Today’s news:

Admirals Row: The Smackdown!

The Brooklyn Paper

The debate over whether to tear down a row of historic, but severely dilapidated, homes inside the Brooklyn Navy Yard along Flushing Avenue has pit residents of the nearby public housing projects, who want a long-promised supermarket on the site, against historic preservationists, who say the homes can be saved and reused.

Both camps rallied at Borough Hall last week at a public hearing over the fate of the so-called “Admirals Row” houses. To further that debate, The Brooklyn Paper presents this smackdown between a supporter of the Navy Yard’s supermarket plan and an opponent.

Pro

Downtown Brooklyn is undergoing one of the most significant development projects in the country if not the world. However, the Public Housing Developments of Ingersoll, Walt Whitman and Faragutt are being isolated and cut off from the opportunities now available in the community.

This is a blatant case of discrimination and the overall neglect of an entire community of American citizens. The Brooklyn Navy Yard wants to finally build something that will not only benefit the three Public Housing Developments, but the entire Downtown Brooklyn community. We desperately need the jobs and access to affordable quality groceries that will be available and easily accessible for our residents.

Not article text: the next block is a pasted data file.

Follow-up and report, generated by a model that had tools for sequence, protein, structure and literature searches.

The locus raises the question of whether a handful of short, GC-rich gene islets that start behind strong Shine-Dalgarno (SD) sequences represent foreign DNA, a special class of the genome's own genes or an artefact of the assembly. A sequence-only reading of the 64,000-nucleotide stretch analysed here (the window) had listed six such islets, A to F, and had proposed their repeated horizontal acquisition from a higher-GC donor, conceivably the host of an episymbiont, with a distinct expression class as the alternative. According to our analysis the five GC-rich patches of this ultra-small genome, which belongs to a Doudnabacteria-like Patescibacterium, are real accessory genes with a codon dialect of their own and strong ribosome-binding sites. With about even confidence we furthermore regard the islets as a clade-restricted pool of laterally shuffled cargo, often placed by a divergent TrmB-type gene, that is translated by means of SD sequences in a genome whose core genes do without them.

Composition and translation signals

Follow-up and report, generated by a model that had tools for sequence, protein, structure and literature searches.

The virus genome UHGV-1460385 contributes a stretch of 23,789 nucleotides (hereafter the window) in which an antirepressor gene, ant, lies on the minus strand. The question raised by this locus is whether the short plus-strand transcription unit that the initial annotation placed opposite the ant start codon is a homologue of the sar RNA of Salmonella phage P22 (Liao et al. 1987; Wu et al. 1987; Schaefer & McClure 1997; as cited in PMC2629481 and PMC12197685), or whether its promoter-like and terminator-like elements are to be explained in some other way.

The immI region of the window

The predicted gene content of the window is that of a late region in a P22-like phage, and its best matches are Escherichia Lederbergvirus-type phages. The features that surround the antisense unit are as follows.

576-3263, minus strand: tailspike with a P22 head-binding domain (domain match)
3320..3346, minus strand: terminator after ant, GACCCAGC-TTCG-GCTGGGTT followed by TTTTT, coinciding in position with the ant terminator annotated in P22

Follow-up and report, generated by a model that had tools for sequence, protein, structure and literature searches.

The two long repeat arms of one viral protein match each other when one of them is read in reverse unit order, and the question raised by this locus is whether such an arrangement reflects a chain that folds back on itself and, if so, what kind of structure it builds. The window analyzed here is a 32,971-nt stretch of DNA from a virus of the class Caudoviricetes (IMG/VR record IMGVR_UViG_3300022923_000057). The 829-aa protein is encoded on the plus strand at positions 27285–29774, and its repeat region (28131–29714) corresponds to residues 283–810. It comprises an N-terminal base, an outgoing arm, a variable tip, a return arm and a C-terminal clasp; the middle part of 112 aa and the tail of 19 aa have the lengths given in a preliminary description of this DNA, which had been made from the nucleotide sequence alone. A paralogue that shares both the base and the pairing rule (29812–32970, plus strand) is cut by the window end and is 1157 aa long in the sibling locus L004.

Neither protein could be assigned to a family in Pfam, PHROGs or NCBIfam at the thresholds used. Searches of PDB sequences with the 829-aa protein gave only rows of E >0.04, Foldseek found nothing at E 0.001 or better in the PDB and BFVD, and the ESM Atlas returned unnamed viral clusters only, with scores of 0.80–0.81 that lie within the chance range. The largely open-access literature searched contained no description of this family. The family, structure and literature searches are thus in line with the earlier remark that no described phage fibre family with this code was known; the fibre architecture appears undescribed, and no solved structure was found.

Our government has the duty to protect its people. We have not been protected or respected by anyone to date. This is an opportunity for the government step in and to rectify this wrong being inflicted on our residents by allowing the removal of the Admirals Row homes now and use its influence to speed up process of building the supermarket.

Ed Brown, president, Ingersoll Tenants Association

Con

The Admirals Row Houses allow us to imagine what Brooklyn was, and what it can become. When Congress voted to offer to sell the property to New York City in 1988, the houses, although already vacant for years, were an extraordinarily intact row of mid- to late-19th century residential architecture, including superb examples of Second Empire, Italianate and Queen Anne styles.

Constructed between 1850 and 1900 the buildings were a dignified ensemble of homes for the officers of the Brooklyn Navy and their families, a role they continued to serve from before the Civil War until after the Vietnam conflict. These were solid, handsome buildings that housed people with the important job of protecting our country.

Just like bank buildings of the era were advertisements of importance and solidity of their finances, these buildings symbolized the strength of our nation and the importance of Brooklyn to our country. The symbolism and promise of these buildings remains intact.

It is a profound failure of imagination to insist that this row must be demolished for a parking lot instead reusing them for needed community amenities. There is plenty of room on the six-acre property for a supermarket and industrial uses behind the buildings, especially if the necessary parking is incorporated into the new buildings.

With regard to financing the buildings’ reuse, this site has the potential to be enormously profitable for any supermarket developer; Home Depot, Lowe’s and Target all have their highest earning stores in New York. In return for what is sure to be a wildly successful venture, the developer should be required to give back to the local community and the city by making good on the promise of Admirals Row and returning these buildings back to Brooklyn.

Simeon Bankoff, executive director of the Historic Districts Council

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